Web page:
Some thought-provoking comparisons
I received a thought-provoking email from AOPA PILOT reader Nate Bissonette of St. Paul, Minnesota that started me thinking about differences between automobiles and GA airplanes.
According to data from the U.S. Department of Transportation, the average American driver puts in 13,474 miles behind the wheel each year. Males drive more than females: 16,550 versus 10,142 miles per year; I’m not sure why. The same study indicates that the average vehicle speed is a maddeningly slow 32 miles per hour, which probably says something about how much time we spend in traffic and waiting at stop signs and red lights.
Nate suggested a thought experiment in which our cars were equipped with Hobbs meters. Divide 32 mph into 13,474 miles to calculate that the average automobile would put roughly 421 hours on its imaginary Hobbs every year.
These days, most piston aircraft engines have 2,000-hour TBOs. What if cars did, too? At 421 hours per year, your car engine would reach TBO in about 4 ¾ years and the odometer would read about 64,000 miles.
“When’s the last time you heard of somebody driving a Toyota Corolla that needed major engine work at 64,000 miles?” Nate asked me rhetorically. “At that mileage, the Corolla engine would just barely be broken in,” he added. “Heck, a Hyundai Sonata engine would still be under warranty.”
Indeed, the current standard automotive powertrain warranty is 60,000 miles or six years, and Hyundai, Kia and Mitsubishi offer a 100,000-mile ten-year powertrain warranty. Compare that to the warranty on a new Continental or Lycoming engine: 24 months. For the average aircraft owner who flies 100 hours a year, that means the engine warranty runs out at about 200 hours on the Hobbs. For an airplane that cruises at 150 knots, that’s about 30,000 miles.
Apples and oranges?
Is it fair to compare aircraft engines with car engines in this way? After all, aircraft engines operate continuously at 65% to 75% of maximum rated power in cruise, while car engines loaf along most of the time. Aircraft engines are air-cooled, so they have very poor temperature control compared with liquid-cooled automotive engines. Aircraft engines turn at ridiculously low RPMs, so they require huge displacements and massive reciprocating components compared to high-revving car engines with their relatively tiny pistons and cylinders. Finally, aircraft engines operate on high-octane gasoline that is heavily doped with tetraethyl lead (TEL), a hideous chemical that causes severe internal contamination problems and (among other things) makes it impossible for the engines to use modern full-synthetic lubricants.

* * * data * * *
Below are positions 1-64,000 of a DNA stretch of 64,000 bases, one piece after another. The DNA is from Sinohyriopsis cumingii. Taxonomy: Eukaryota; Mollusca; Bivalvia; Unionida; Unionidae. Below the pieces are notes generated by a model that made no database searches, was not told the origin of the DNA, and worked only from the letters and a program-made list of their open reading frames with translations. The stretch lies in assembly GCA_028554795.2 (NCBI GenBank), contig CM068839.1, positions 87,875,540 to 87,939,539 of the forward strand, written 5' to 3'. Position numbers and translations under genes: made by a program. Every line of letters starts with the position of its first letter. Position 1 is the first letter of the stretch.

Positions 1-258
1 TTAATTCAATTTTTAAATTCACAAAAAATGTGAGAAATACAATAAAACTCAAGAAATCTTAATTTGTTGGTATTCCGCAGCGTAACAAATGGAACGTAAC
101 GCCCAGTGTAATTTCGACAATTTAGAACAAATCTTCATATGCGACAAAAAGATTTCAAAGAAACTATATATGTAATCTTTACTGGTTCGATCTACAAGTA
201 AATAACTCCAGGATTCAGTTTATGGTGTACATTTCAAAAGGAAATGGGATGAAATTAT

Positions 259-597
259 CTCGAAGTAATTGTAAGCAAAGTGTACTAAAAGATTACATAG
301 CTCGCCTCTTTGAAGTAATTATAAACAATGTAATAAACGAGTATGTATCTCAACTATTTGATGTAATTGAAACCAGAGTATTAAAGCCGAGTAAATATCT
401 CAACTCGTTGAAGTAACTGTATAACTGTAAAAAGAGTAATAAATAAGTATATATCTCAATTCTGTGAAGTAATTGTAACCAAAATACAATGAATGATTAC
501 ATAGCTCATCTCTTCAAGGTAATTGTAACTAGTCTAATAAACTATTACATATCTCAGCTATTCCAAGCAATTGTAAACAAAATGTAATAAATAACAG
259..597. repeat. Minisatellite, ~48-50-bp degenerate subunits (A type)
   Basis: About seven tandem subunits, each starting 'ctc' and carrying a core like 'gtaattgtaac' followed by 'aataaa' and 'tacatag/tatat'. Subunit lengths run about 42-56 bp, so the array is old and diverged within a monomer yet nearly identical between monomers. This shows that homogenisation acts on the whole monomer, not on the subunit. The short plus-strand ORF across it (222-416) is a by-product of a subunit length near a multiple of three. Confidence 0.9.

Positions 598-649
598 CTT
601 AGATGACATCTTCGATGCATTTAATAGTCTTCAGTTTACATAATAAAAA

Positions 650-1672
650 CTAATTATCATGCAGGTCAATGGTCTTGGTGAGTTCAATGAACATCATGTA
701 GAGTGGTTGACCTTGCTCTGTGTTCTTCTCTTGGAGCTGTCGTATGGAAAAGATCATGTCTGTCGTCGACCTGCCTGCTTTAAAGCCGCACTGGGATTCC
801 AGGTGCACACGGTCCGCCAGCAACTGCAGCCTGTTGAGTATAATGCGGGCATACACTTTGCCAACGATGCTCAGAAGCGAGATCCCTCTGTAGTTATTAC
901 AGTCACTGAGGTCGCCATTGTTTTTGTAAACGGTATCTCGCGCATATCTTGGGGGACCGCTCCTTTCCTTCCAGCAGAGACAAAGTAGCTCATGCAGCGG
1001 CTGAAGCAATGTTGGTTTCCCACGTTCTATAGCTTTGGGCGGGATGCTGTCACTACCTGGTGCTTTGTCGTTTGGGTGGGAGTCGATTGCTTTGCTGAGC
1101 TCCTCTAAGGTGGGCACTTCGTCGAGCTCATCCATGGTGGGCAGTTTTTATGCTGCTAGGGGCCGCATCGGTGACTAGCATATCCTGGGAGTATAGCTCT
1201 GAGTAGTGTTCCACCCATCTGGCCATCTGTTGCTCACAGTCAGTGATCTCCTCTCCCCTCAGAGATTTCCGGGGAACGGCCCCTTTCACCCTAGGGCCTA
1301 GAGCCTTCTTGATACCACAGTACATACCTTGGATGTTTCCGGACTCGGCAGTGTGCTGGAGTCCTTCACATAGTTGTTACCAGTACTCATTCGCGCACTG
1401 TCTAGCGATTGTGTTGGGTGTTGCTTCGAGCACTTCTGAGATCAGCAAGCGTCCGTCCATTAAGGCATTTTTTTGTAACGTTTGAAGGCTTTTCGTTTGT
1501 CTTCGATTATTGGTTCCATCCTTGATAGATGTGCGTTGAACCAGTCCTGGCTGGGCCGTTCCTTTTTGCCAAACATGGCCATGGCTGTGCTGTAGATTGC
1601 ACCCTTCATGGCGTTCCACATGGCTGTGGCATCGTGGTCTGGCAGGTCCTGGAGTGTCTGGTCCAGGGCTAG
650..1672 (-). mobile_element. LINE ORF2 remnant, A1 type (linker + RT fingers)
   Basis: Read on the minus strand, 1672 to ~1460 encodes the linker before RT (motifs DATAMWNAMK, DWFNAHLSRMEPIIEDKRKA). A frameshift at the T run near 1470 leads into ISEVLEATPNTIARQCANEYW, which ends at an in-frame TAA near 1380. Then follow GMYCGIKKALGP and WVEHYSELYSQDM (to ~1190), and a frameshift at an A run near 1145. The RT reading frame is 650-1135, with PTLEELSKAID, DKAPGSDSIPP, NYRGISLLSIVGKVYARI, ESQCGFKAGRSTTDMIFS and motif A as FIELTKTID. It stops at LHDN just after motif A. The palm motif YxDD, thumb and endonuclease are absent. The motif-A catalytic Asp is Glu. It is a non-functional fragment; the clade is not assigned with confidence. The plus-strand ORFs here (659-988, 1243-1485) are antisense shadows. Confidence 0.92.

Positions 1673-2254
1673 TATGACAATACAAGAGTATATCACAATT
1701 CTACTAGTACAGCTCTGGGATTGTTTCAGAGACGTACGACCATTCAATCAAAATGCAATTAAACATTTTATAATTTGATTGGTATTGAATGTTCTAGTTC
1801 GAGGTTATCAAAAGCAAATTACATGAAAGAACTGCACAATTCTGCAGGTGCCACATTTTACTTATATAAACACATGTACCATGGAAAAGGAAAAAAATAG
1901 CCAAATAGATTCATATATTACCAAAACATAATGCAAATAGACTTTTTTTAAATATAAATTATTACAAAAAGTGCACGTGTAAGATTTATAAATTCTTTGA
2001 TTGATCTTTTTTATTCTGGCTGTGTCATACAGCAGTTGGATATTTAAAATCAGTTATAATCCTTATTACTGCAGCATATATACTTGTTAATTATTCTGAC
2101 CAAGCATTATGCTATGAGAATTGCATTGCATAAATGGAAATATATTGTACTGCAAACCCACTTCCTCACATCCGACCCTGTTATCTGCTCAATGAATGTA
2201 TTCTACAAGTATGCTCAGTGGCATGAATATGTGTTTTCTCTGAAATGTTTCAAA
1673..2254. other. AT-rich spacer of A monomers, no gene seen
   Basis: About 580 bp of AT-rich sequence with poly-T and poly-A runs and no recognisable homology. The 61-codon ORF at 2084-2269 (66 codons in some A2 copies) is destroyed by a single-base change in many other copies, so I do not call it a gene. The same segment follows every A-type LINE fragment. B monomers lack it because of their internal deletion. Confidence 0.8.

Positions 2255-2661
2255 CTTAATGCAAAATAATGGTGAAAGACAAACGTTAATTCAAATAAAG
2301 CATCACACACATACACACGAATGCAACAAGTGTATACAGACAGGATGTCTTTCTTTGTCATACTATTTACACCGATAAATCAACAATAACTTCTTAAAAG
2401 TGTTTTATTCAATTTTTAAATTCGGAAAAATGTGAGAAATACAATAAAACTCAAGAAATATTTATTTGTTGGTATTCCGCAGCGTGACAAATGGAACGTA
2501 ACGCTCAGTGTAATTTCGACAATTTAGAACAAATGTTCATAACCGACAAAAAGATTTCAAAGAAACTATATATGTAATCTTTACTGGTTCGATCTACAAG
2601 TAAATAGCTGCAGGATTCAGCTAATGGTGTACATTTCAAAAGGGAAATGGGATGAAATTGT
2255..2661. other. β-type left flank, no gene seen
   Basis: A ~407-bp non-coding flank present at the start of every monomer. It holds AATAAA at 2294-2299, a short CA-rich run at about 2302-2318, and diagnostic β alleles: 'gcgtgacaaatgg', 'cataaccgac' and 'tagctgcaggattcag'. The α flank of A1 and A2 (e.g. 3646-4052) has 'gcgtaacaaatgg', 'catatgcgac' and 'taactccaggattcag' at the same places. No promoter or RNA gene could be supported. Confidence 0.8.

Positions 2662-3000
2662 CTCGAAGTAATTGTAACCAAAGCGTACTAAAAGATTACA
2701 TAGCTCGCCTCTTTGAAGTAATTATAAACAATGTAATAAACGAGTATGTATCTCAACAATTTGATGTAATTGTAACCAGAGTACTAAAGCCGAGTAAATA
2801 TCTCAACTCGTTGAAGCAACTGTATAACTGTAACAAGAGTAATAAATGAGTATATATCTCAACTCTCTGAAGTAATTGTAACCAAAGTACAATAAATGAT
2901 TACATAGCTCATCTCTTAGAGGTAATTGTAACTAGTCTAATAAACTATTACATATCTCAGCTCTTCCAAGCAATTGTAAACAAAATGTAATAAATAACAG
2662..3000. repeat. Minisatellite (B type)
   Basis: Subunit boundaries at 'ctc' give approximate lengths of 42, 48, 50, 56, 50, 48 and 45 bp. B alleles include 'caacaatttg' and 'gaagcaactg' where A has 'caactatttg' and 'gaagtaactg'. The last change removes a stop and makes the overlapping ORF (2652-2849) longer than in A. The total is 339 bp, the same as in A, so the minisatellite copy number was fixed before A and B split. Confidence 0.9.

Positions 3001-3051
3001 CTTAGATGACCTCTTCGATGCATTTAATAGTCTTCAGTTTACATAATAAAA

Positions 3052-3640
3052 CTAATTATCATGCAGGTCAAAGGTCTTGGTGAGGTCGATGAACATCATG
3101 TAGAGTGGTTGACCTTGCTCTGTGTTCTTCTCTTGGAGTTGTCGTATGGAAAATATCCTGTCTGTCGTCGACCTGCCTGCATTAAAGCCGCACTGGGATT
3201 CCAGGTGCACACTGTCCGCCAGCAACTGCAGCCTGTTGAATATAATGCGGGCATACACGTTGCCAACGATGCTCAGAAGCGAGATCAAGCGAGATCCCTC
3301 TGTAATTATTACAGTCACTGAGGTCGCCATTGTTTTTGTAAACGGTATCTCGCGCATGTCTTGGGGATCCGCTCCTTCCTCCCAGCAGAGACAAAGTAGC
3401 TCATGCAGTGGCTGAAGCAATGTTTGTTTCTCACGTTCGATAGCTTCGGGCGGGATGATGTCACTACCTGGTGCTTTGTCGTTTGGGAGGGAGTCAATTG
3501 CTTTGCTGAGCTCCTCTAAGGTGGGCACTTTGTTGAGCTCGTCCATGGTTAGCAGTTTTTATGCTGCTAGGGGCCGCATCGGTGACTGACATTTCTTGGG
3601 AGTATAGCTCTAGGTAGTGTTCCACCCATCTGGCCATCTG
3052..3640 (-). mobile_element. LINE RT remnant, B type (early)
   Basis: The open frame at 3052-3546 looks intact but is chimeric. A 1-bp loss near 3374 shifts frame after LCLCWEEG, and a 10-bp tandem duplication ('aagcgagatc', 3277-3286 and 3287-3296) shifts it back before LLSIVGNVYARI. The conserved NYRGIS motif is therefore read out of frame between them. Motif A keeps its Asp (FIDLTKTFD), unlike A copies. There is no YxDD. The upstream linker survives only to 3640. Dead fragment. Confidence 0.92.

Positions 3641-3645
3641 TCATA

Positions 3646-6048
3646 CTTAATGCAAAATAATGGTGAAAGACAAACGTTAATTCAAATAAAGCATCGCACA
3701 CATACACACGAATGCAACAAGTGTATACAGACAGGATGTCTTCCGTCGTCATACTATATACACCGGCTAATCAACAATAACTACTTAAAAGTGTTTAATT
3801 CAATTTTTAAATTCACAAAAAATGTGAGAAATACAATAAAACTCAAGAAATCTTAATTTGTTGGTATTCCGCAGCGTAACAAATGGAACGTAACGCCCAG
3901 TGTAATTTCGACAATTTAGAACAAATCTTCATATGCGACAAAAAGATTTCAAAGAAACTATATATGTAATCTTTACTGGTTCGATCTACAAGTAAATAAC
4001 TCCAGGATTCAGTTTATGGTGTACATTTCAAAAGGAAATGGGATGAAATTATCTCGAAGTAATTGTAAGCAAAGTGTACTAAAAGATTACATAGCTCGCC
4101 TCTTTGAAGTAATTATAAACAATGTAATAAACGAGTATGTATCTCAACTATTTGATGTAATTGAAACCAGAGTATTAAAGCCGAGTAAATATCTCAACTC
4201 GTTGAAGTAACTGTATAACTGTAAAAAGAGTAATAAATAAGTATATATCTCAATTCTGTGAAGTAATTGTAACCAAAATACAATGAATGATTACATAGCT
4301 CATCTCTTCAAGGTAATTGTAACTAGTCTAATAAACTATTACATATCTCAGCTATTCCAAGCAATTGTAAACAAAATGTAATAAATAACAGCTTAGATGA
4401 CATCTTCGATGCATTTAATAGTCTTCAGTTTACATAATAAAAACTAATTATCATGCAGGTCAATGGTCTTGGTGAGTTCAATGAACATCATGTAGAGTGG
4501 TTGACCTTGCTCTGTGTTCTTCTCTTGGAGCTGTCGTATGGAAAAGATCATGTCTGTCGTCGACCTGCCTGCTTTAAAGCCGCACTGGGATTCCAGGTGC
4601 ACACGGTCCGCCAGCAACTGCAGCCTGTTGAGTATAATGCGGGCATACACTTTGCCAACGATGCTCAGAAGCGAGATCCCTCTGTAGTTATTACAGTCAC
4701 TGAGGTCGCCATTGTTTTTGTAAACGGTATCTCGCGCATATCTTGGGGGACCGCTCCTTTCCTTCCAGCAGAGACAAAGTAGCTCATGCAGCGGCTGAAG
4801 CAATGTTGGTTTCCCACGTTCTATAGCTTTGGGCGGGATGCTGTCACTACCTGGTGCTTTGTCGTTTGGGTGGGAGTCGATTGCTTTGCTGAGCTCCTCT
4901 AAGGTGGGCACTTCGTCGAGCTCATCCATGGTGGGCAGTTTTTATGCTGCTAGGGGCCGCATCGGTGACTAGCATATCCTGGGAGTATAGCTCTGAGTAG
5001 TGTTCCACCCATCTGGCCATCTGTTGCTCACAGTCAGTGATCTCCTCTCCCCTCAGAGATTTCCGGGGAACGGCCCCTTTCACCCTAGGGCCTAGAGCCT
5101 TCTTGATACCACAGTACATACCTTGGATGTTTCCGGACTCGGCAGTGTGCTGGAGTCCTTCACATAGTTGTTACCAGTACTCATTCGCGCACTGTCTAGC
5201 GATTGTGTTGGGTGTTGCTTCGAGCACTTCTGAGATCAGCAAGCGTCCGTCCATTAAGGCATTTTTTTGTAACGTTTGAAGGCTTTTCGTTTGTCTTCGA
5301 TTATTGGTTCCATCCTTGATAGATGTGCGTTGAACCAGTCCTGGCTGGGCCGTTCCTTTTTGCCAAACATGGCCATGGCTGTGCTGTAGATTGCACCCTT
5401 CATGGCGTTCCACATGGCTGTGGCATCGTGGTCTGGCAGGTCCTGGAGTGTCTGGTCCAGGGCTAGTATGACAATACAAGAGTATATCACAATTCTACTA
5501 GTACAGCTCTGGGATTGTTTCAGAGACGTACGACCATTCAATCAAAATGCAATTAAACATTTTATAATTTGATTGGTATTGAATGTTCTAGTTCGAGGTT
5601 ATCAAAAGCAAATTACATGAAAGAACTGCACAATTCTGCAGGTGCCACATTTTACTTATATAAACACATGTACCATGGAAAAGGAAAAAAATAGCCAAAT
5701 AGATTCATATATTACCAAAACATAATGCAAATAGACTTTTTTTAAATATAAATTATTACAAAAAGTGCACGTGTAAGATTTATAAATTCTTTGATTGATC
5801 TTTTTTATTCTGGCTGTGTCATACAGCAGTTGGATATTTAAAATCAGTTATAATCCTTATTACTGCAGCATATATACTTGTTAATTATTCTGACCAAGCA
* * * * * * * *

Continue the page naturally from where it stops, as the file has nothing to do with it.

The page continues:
All this is true of the Continentals and Lycomings behind which most of us fly, engines based on the finest technology available in the 1950s. But does it really need to be that way? Look at the Rotax 912-series designed in the 1980s. (See my article “Outside the Box” in the June 2017 issue of AOPA PILOT.) These high-revving small-displacement liquid-cooled aircraft engines are designed to run on unleaded mogas and to use modern full-synthetic oils. They’re lighter and more powerful than comparable engines from Continental and Lycoming. Although they presently have a manufacturer-recommended TBO of 2,000 hours, the folks who overhaul them tell me that they’re still in pristine condition at TBO and almost certainly could be safely operated much, much longer.
If things progressed that far from the 1950s to the 1980s, just imagine the benefits of a certificated piston aircraft engine designed in, say, 2010. There are a few, but to the best of my knowledge they’re all diesels and they’re just barely trickling into the fleet at such a glacial pace that few of us will ever have the chance to fly behind one.
Not just technology